17:26 Scott: Yeah. And that was actually gonna be my next question, was how do you determine what those use cases are? And from what you explained, and in my perception, is that it depends. It depends on the facility, it depends on who you have in place, and what you can realistically do in-house. And like you said, you look at the business case for if I have to call somebody to do this, what is it gonna cost me, from a business perspective, and then what is the monetary cost of getting someone out here for maintenance as well? I really do like the idea of having some kind of training library because I do think that oftentimes that training does not get passed down as turnover happens or whatever that might be. So I think figuring out what those use cases are, and then building some kind of training library for those use cases is a really great start.
18:26 Phil: Yeah.
18:29 Scott: As we talk about passing things down to the next guy, we see in the facility management history right now, a shift, a lot of those individuals who are retiring have not necessarily… It’s not really a workforce or a skilled workforce there to replace them at this point. So is the library and the training that goes into that is that something that you see getting passed down? And then on the same… Along the same lines going, you had brought up earlier, legacy systems who are run by these individuals who may be on their way out. How do you recommend managing that situation?
19:14 Phil: Yeah. So first question, how do you go and manage technical knowledge? How do you pass that down? There’s kind of a running joke right now in the building automation industry, which is that if you’re breathing, and you can spell BAS, you can get a job.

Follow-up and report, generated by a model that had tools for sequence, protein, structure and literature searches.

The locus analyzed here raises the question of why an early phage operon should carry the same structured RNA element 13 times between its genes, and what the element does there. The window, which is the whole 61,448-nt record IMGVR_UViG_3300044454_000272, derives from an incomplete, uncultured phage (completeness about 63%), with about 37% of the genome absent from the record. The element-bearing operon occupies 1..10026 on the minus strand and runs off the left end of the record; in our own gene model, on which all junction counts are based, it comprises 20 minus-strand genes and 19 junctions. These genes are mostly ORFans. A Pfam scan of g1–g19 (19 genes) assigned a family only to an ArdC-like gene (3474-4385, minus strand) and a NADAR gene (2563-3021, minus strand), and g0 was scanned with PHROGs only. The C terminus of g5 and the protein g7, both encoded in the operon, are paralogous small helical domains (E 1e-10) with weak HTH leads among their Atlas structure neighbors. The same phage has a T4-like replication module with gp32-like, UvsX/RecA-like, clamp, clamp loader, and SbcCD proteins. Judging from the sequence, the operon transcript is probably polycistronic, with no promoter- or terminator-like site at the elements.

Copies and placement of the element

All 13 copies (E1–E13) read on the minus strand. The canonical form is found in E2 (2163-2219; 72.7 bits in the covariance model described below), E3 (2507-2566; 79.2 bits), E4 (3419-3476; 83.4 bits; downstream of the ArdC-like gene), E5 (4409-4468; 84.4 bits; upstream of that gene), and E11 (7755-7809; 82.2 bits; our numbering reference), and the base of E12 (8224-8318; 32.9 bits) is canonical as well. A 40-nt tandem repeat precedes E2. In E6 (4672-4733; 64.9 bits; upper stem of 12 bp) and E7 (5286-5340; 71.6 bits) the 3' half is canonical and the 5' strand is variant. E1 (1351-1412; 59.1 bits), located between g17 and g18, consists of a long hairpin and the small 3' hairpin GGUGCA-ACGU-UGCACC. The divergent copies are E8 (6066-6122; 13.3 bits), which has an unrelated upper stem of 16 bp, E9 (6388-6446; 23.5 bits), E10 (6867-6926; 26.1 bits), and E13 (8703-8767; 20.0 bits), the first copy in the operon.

19:31 Scott: It’s not quite that bad but it’s pretty bad. Anyone who wants to work is working and if you are getting an experienced person, you’re either paying them a huge premium, they’re not really as good as they say they are, because folks aren’t leaving companies right now. There’s just so much backlog. The same is to be said about operators. Now we have to get a little clear though, on the definition of a an operator. If we’re talking about a janitor who flips a switch in a mechanical closet to turn the building on and off. That’s probably not the audience we’re targeting here. We’re looking at more folks and we’re also not looking at folks who are at the university level, who have the mechanical engineering degree, have been to every manufacturer training course, have their own controls team and are using interns to run a Remote Operation Center. Those are kind of two extreme examples. We’re looking at something more in the middle of someone who is multi-talented. Maybe has a mechanical background, maybe doesn’t maybe has an electrical background, maybe doesn’t, but their sole goal is come in in the morning, make sure, the things running, make sure nothing is out of wack, and if something is out of wack, try to initially figure out why it is, and maybe do some generic level troubleshooting.
21:02 Scott: That is your typical operator profile. So how do you train to that? Well, you can do that pretty consistently across multiple different verticals because you’re thinking right, life safety, comfort, and efficiency, those are your three outcomes, life, safety for efficiency. And you could also throw in business processes as well. So life safety being, “Hey are the lights on, is the infectious control room in the hospital, is it properly pressurized? So infection and whatever viruses, floating around isn’t escaping into other rooms.” So that’s life safety. Business process will be making sure that the OR’s at the right temperature so that we can actually do surgeries or make sure that the imaging room’s at the right temperature, so we can run the MRI machine to make profits. And then you’ve got actual comfort. Making sure everyone’s comfortable. And your effectiveness of your equipment, making sure it’s running well.